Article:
Memento mori. Remember you must die.
This adage has, since antiquity, informed and inspired the work of countless artists. Leonard Cohen is no exception, as evinced not only in his personal life but also in his professional artistry.
There’s something nearly banal about the Poet’s archetypical intimacy with death. Mortality-as-muse can be considered the bread and butter of much of the lyrical canon. However, for Cohen, the ubiquitous theme was less a relentless reminder and more an impending reality. You Want It Darker, his final album, released just two and a half weeks before his death, was a case in point.
Nevertheless, there was nothing morbid in Cohen’s treatment of death. In fact, even in his old age, he confronted the subject with as much genuine acceptance and earnestness as he did in his youth. Although Cohen said that he had little interest in analyzing his artistic process and influences, one might venture to say that his personal, profound encounters with death contributed to his head-on approach to the matter, which is channeled through his poetry and songs.
From a young age, Cohen understood that the death of key figures in his life was something he would have to accept. When he was only nine years old, his father passed away. Later, the mysterious Spaniard who appeared in his Westmount neighbourhood and introduced him to the guitar committed suicide. And this past July, life ended for Marianne Ihlen, Cohen’s former girlfriend whom he had met on the island of Hydra in Greece, and is the namesake for his celebrated tune, “So Long, Marianne.” There were surely many others.
Cohen’s heartfelt final note to Marianne was penned with the same candour and sensibility as his hit song. His goodbye was neither wrought with clichés, nor overtly nostalgic: “Well Marianne, it’s come to this time when we are really so old and our bodies are falling apart and I think I will follow you very soon. Know that I am so close behind you that if you stretch out your hand, I think you can reach mine.”
Cohen didn’t attempt to challenge the inevitable. Eventually, all things end, and the artist appears to embrace rather than deny this fundamental aspect of human existence. While Cohen and Ihlen’s physical relationship terminated years before Marianne’s death, the singer-poet maintained his ongoing adoration well after their separation.
While some view love as a transient state with a definite beginning and end, Cohen’s was immortalized, often by means of his music. In a 1992 interview, he reflected: “People change and their bodies change and their hair grows gray and falls out and their bodies decay and die… but there is something that doesn’t change about love and about the feelings we have for people… I feel that love never dies, and that when there is an emotion strong enough to gather a song around it, that there is something about that emotion that is indestructible.”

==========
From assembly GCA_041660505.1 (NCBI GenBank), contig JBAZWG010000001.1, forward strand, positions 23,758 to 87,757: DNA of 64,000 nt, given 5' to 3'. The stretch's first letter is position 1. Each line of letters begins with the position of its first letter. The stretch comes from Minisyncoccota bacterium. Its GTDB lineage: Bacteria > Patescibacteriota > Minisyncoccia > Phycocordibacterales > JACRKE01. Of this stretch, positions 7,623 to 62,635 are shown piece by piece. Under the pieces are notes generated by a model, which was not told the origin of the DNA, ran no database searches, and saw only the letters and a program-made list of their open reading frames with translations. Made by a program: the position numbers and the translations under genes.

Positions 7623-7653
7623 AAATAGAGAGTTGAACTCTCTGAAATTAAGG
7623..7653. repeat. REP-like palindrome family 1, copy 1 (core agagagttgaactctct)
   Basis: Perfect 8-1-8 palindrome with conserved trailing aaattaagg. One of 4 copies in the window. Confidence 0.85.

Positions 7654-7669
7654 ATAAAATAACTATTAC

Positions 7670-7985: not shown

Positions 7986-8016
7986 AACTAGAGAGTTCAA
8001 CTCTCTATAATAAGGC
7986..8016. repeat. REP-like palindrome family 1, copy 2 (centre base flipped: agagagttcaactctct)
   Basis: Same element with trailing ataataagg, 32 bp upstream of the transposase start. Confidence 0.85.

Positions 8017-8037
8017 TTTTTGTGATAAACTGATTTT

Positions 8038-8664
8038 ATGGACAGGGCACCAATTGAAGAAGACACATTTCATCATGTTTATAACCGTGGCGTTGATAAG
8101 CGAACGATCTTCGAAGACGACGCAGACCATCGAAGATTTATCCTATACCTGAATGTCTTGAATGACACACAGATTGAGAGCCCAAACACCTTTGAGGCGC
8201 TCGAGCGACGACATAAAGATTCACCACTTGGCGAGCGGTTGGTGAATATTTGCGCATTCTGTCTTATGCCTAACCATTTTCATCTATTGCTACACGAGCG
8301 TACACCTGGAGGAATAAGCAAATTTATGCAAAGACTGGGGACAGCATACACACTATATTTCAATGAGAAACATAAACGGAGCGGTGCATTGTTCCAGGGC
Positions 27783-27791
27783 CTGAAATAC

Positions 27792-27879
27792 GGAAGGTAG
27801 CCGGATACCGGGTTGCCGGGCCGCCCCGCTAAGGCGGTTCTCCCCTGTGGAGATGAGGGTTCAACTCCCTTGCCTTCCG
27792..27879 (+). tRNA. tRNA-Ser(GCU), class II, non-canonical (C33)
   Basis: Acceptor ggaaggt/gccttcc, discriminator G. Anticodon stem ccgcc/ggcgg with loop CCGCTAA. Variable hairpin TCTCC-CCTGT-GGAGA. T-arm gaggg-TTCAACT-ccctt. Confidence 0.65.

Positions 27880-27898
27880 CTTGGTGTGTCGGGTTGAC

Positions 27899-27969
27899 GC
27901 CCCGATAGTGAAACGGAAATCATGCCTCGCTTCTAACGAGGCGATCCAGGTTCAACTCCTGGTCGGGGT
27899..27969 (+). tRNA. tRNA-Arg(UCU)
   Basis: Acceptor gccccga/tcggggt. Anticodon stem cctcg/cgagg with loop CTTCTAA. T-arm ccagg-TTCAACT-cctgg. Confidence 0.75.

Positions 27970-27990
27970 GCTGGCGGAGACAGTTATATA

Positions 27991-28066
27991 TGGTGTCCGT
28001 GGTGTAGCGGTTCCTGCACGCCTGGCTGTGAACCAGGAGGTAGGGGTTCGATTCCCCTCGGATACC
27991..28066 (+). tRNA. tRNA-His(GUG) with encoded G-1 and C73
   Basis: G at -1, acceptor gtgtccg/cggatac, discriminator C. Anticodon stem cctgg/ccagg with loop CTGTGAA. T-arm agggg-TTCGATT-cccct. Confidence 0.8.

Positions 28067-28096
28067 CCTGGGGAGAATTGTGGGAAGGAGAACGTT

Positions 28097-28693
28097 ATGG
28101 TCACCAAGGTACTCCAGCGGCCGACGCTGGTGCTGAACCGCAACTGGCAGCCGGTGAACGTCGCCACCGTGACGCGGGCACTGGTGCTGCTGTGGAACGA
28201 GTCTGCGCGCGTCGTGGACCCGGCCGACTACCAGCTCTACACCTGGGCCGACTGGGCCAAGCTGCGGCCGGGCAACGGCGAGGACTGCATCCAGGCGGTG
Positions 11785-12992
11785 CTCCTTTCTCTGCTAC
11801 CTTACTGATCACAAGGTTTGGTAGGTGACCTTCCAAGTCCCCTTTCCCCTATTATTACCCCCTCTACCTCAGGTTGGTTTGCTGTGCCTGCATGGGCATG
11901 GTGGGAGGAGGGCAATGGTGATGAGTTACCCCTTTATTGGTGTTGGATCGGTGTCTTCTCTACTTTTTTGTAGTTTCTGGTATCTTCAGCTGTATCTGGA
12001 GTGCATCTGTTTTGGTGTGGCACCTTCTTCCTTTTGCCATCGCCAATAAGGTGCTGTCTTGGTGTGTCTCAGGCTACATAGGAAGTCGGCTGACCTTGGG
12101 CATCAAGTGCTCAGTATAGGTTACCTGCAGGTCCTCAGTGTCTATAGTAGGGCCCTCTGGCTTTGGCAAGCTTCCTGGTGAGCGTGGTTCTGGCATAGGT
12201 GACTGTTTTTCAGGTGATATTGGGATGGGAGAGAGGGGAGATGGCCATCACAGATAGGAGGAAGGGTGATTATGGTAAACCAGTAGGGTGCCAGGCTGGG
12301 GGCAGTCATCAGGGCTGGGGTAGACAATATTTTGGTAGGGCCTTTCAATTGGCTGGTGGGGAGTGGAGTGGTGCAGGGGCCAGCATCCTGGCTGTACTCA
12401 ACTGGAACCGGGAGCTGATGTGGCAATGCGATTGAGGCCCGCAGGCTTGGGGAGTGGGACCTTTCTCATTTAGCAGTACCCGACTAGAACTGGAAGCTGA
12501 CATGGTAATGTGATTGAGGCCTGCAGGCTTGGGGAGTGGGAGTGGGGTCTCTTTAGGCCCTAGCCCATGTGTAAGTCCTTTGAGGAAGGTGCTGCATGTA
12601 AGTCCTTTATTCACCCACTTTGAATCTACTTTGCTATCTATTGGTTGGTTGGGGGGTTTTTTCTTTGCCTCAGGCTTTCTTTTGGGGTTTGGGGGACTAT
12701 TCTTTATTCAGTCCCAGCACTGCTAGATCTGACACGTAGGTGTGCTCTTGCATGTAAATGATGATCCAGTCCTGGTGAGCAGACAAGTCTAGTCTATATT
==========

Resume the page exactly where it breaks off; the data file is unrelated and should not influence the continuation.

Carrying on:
By encapsulating sacred memories of people, locales, and experiences in verse, Cohen evades the mortal confines of time and space. Though it’s impossible to escape fate and the persistence of time, his evocative melodies come pretty close to eternalizing moments past.
As much as he is a musician, Cohen is equally a magician. Through musical alchemy, he transforms fleeting moments and bygone figures into personal myths that persist through his writing and music. Cohen said he wasn’t interested in posterity: “Poetry is just the evidence of life. If your life is burning well, poetry is just the ash.” In this way, one might consider his repertoire as an emotional catalogue of archived mementos. Indeed, Cohen had amassed a lifetime’s worth of sacred memorabilia which he carried with him in the form of proverbial “baggage.” As such, nothing of value could be lost to the past.
Cohen could reincarnate former loves like Marianne in “Bird on a Wire,” revisit the streets of his native Montreal as a young man by way of a song such as “Suzanne,” or evoke hi Jewish heritage and upbringing via the strains of “Who by the Fire.”
He was as much a philosopher as he was a poet. The socalled “spiritual seeker” often alluded to Biblical imagery, Asian ideology and Greek mythology, all of which referred to a specific time (visiting the neighbourhood synagogue with his family, reading the I Ching for guidance as a lost young soul living in London and relocating to Hydra) in the poet’s life.
Ironically, Cohen never set out to become a musician and never felt at home on stage. The troubadour considered poetry as innate self-expression. “Poetry is not an occupation,” he stated in the National Film Board of Canada’s 1965 documentary Ladies and Gentlemen, Mr. Leonard Cohen. Song became his means of making a living, and adding music to his poetry gave him a worldwide audience who responded to his deeply personal reflections.
At the time of his death at 82, on Nov.7, 2016, was Cohen finally satisfied with his collection of mementos? Though the opportunity to review the highlights of one’s existence is said, anecdotally, to be reserved for the moment of death, perhaps the artist had the privilege to see his life flash before his eyes each time he played or heard a refrain from Songs of Leonard Cohen to You Want It Darker.
Cohen’s artistic vision will undoubtedly endure through the voices of a new generation of poets and musicians. After all, music is mythology. Die-hard fans can contemplate how the lyrics of perennial favourites like “Everybody Knows” are eerily relevant today, and new inductees to the “cult of Cohen” can discover a lifetime’s legacy buried in his discography.
And so the legacy lives on. ■
See details about a Montreal tribute to Leonard Cohen (Dec. 15) here.